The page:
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UK Suffers Biggest Monthly Job Losses Since 2009

August 11, 2020

job losses

The number of people in employment in the UK dropped by the biggest rate since 2009. Over the past three months, the coronavirus outbreak has taken a heavy toll on the labour market despite the government’s huge job protection scheme.

A record plunge in self-employed workers has led to there being 220,000 fewer people employed in the second quarter, according to the Office for National Statistics.

Separate tax data for July has shown that the number of staff on company payrolls has fallen by 730,000 since March, warning that there could be a much bigger rise in joblessness.

Further job losses are expected as Britain looks to end its job retention scheme to protects employees, which will close at the end of October. British finance minister Rishi Sunak said the figures showed the government’s support programmes were working but job losses were inevitable.

“I’ve always been clear that we can’t protect every job, but … we have a clear plan to protect, support, and create jobs to ensure that nobody is left without hope,” he said.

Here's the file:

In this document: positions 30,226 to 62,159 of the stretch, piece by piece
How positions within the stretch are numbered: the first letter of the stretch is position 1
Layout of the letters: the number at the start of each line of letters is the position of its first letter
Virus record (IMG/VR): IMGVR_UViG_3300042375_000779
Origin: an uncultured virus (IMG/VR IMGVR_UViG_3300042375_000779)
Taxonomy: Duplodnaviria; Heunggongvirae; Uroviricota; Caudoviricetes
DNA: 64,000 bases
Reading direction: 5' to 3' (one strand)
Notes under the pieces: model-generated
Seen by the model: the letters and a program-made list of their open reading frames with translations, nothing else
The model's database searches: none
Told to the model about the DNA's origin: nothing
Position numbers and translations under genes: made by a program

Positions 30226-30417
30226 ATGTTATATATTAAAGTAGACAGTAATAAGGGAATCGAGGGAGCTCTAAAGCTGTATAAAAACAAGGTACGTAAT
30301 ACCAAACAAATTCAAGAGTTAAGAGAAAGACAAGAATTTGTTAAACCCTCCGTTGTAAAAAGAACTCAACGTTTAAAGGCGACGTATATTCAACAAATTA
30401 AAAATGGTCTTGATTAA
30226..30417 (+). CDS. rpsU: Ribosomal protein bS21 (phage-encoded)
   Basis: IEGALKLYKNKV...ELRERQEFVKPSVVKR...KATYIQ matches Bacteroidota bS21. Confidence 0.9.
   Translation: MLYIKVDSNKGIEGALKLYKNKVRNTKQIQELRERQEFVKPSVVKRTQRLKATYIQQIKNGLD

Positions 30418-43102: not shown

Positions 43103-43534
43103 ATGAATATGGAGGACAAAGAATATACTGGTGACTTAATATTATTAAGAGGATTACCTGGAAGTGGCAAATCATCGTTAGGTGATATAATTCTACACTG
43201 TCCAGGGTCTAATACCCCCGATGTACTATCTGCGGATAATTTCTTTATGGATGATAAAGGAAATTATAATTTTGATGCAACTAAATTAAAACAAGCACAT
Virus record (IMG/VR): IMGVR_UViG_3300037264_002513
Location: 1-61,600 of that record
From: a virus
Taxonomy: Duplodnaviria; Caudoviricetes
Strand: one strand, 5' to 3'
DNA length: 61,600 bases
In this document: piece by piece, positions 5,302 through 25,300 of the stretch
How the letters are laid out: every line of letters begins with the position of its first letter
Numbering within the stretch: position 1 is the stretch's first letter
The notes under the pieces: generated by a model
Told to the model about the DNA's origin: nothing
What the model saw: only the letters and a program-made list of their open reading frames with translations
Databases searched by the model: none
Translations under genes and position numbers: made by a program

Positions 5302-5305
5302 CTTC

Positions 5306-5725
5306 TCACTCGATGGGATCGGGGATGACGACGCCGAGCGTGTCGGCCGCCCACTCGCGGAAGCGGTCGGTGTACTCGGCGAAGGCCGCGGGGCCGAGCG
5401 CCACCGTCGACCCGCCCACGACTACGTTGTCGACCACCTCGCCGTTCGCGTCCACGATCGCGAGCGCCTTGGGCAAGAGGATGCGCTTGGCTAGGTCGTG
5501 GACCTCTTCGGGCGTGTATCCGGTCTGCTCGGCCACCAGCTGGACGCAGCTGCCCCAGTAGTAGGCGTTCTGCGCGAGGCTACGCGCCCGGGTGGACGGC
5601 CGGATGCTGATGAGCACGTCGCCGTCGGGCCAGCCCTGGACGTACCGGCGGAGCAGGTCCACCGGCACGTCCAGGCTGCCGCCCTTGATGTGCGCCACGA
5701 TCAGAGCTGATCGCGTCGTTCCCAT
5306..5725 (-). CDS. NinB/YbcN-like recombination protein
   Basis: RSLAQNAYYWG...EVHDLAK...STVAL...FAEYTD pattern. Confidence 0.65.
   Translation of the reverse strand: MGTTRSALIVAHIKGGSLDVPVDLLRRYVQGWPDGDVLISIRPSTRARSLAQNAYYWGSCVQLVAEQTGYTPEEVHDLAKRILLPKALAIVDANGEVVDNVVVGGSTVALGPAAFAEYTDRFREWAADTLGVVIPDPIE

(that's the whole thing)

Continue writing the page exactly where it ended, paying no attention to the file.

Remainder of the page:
The unemployment rate unexpectedly held at 3.9% but that reflected an increase in people who had given up looking for work and who were therefore not considered to be unemployed and people who said they were in work but were getting no pay. Last week the Bank of England forecast the jobless rate would hit 7.5% by the end of this year.

The number of self-employed people fell by a record amount in the three months to June, with the largest group being the older workers. The number of employees rose over this same period, however, the ONS said was partly accounted for by workers reclassifying themselves as employed.

The number of people claiming universal credit, a benefit for the unemployed and those on low pay, rose to £2.689 million in July, an increase of 117% from March.

Pay fell by the most in more than 10 years in the April-June period, down by 1.2%. This was largely due to workers participating in the job retention scheme, receiving 80% of their pay since lockdown began. Excluding bonuses, pay fell for the first time since records began in 2001.

There was a small increase in job vacancies in the three months leading into July. “The increase was driven by small businesses (less than 50 employees), some of which reported taking on staff to meet coronavirus (COVID-19) guidelines,” the ONS said.

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